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Facebook's VR Spectator Tools Could Evolve Into Mixed Reality Casting

Facebook's VR Spectator Tools Could Evolve Into Mixed Reality Casting

Facebook continues to evolve its spectator tools for virtual reality, but creating mixed reality footage remains an arduous process from the standalone Quest while the company continues to actively explore the approach.

The company recently added a “Live Overlay” feature in the most recent v29 software update for Quest which merges the first-person view in VR with a camera view of the person wearing the headset. The feature is starting to roll out to a limited number of users in the Oculus app “and it will work with any VR app that supports Casting and Recording,” Facebook explained over email.

In addition, a page in the Oculus Quest developer documentation explains “Spectator Camera is extending Mixed Reality Capture (MRC) to the Oculus app casting.” We contacted Facebook to ask for clarification about this feature because the language in this description isn’t clear. The “Spectator Camera” will allow casting the view from VR to the Oculus app while enabling control of the view from the phone using touch controls, Facebook explained. It was announced at Facebook’s last VR developer event but doesn’t include a view of the VR user wearing the headset.

“There aren’t any apps live with this today, but we are actively working with developers to integrate, so that’s why these developer tools are available now,” Facebook explained.

And while the “Live Overlay” feature does feature an external view of the person in VR, it doesn’t include a third-person angle or the careful alignment that’s key to “Mixed Reality Capture.”

Mixed Reality Capture is driven largely by community projects making it possible to merge simulated content streaming from a VR app with an actual camera’s view of the scene. The merging of two realities becomes a single seamless view that’s instantly understandable to spectators. In 2016, Valve essentially popularized the idea with its initial promotional video for SteamVR. Since then, community projects like LIV and Fabio Dela Antonio’s Reality Mixer app enable developers and broadcasters to more easily share what it feels like to play VR games without post-production work. Some of these projects, however, require an arduous alignment process to sync the view of two realities, or requires the addition of extra recording software like OBS.

Dela Antonio maintains an open source repository for his work on the Reality Mixer app and Facebook CEO Mark Zuckerberg this week posted a mixed reality video of himself playing Beat Saber using what appears to be the tool. We reached out to Dela Antonio for comment on the Zuckerberg video and to see what Facebook’s interest in mixed reality broadcasting means for his work. He wrote to us over direct message that he thinks Zuckerberg’s video and the developer page are evidence the company will eventually offer a solution similar to his app.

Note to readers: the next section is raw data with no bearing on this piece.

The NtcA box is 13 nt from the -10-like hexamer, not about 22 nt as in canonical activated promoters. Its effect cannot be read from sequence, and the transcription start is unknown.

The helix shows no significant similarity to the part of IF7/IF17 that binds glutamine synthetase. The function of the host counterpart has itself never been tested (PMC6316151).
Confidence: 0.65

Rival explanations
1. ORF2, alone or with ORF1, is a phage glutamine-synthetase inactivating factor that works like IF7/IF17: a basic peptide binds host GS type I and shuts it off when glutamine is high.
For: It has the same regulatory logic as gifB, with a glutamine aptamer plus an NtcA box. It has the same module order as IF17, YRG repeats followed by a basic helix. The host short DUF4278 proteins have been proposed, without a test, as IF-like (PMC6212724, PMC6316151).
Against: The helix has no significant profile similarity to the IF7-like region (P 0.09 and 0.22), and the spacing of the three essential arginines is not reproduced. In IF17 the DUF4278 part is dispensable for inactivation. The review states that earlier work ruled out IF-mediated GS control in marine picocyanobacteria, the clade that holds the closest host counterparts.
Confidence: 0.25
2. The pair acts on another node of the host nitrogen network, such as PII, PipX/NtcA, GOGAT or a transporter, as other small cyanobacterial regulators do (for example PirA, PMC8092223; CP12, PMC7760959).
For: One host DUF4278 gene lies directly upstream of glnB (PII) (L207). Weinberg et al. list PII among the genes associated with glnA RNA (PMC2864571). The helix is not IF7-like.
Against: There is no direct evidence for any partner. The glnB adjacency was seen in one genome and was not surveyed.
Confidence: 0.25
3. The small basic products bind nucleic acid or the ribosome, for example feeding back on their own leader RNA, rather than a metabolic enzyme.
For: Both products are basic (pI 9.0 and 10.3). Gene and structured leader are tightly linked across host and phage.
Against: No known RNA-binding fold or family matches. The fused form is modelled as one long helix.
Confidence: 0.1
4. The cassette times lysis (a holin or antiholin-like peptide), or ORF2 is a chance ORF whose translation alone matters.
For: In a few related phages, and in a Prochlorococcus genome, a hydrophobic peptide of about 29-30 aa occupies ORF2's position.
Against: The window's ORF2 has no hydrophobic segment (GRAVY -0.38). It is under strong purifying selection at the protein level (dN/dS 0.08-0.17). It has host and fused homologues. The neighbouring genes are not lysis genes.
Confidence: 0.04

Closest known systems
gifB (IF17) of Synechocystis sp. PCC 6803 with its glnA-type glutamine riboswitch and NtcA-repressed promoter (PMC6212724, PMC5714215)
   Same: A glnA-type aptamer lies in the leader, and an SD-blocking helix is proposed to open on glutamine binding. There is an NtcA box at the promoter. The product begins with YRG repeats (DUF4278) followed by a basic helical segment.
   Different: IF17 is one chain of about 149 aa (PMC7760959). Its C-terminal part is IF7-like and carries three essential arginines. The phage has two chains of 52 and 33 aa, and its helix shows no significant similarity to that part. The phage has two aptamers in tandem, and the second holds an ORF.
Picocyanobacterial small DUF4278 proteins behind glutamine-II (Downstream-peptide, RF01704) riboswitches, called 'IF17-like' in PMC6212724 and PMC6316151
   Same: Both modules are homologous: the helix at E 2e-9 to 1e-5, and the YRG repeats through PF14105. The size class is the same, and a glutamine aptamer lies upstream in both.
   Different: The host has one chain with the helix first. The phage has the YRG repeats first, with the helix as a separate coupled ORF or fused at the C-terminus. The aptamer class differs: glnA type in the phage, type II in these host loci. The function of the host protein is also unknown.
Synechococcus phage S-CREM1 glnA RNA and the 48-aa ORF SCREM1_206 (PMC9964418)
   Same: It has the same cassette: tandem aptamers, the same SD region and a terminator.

“I generally see this as a positive thing, it means that these videos will become even more accessible, and that they’ll start making some improvements to the existing Oculus MRC mechanism,” he wrote. “As for my app, its future compatibility with the Quest will depend on the changes they make to the MRC mechanism. I’m still working on the app as normal, I’ve recently added support for Avatars using ARKit’s body tracking and I’m also working on supporting physical green screens…there are some other things I could do to improve the calibration process and to allow the user to move the camera around the scene…but that’d require changes to how the Oculus MRC protocol works, it’d be interesting to know if Oculus has similar plans/ideas…One reason I was able to start working on my app last year was because the Oculus MRC plugin for OBS was open source, and that’s also why I’ve kept my app open source. It’d be nice if they could open source their new mobile Mixed Reality solution…”

Facebook offers the Portal line of video calling devices which include a wide angle camera and a key feature of the hardware zooms in on people in the scene. But years after release, there’s still no integration with Oculus Quest for Casting or any other functionality. Recent tweets from a Japanese group shows how full body tracking might be possible with an external camera and Oculus founder Palmer Luckey recently commented that Portal should be used for the same purpose.

“Overall, we are exploring a variety of ways to help people better capture, represent and share their VR experiences. We believe these kinds of tools help to make VR more fun, and are also good for the ecosystem since they enable people to share the experiences they’re having in VR,” Facebook shared in an email. “Moving forward, you will see us continue to experiment with different features and capabilities in the Oculus App that provide new ways of casting, recording and sharing the VR experience with various different views of reality, virtual reality, camera perspectives, etc. There are many ways that it’s possible to represent and share VR, and every VR app is different – That’s why we’re testing different approaches to learn from our community about what modes of capture best represent them and the VR apps they use. In the future, features like these could possibly evolve into a mobile ‘mixed reality’ casting/recording experience like you describe. We don’t have specific plans or timing to announce for that, but it’s something we are exploring – in fact, we showed a proof of concept for this at OC6, so it’s something we’ve been continuing to explore over time.”

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